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KIMG0063.pngBy the knowledge based on the experiments utilizing the SMILE-II ETCC,
we developed a new ETCC having a new structure
for realizing a larger effective area and a more wide detection energy band.

For the verification that an ETCC suits for a survey of new gamma-ray sources,
we submitted a balloon experiment of the observations of Crab nebula
and the electron-positron annihilation line from the galactic center region using an updated ETCC.
Our submission was adopted as one of the balloon experiments supplied with ISAS/JAXA at Australia, on 2018.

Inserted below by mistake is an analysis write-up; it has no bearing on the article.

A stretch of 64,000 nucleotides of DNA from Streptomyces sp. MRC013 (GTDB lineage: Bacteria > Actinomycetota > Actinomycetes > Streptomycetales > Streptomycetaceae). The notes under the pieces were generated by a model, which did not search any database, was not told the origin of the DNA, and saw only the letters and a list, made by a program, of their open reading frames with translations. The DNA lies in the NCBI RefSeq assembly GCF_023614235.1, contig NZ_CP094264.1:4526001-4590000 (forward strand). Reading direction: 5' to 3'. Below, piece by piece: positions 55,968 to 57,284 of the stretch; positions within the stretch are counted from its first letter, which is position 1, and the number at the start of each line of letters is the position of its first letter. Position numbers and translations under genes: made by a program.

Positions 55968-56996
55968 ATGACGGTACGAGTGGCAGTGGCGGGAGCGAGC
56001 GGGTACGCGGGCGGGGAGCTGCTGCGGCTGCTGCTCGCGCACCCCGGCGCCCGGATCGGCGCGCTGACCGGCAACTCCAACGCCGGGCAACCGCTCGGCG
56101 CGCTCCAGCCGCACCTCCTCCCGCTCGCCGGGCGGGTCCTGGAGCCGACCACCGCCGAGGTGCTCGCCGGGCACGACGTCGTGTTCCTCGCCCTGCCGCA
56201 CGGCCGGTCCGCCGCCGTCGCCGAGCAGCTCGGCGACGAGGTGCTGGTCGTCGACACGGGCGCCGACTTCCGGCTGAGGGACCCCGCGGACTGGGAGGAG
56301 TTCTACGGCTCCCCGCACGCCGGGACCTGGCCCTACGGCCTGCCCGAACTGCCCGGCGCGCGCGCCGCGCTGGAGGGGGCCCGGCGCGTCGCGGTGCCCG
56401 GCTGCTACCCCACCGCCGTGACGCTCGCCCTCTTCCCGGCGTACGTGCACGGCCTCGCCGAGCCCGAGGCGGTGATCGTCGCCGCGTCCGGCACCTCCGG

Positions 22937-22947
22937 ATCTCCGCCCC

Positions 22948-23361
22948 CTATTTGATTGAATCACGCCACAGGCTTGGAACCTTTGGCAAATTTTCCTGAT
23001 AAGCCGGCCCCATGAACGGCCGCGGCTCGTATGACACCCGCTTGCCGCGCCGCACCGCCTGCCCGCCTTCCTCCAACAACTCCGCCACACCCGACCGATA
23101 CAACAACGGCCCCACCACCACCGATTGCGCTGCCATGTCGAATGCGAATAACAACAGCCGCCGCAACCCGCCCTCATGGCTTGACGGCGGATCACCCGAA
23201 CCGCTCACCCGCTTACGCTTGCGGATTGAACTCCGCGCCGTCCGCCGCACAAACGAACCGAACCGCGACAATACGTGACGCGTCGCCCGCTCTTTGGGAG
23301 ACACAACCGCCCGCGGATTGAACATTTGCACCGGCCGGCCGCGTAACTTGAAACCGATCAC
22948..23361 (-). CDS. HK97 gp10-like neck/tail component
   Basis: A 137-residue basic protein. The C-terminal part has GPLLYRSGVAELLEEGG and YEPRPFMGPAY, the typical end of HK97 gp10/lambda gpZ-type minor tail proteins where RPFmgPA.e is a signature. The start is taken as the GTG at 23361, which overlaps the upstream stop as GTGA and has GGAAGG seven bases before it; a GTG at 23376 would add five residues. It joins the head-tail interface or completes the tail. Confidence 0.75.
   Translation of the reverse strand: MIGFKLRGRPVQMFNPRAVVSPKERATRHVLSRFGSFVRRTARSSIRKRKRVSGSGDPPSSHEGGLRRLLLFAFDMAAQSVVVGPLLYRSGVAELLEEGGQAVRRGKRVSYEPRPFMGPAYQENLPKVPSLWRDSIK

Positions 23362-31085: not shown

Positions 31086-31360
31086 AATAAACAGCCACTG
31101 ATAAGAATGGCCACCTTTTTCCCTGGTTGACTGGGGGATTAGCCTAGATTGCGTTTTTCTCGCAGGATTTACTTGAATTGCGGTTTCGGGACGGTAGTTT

This balloon experiment (SMILE-2+) was launched from Alice Springs, Australia, on the morning of April 7, 2018.

SMILE-2+ experiment and flight

Th_gamma.pngDSC01052.jpgThe SMILE-2+ ETCC consisted a gaseous electron tracker, which had a volume of 30x30x30 cm3 filled by an argon based gas with the pressure of 2 atm,
and the surrounding GSO pixel scintillator arrays.
The difference from the conventional ETCC was that the GSO pixel scintillator arrays were placed in the vessel of the gaseous electron tracker.
This new structure does not only made the large detection efficiency of the Compton-scattered gamma-rays,
but also supplied the detection capability for the high-energy electrons having the energy above 0.3 MeV.
Therefore, SMILE-2+ ETCC realized a large effective area for the energy range of 0.3-1.5 MeV.

SMILE-2+ ETCC was launched from Alice Springs, Australia, on April 7, 2018.
After the level flight lasted for ~26 hours, the instrument was recovered perfectly.
Now, we are analyzing the obtained onboard data.


Papers and twitter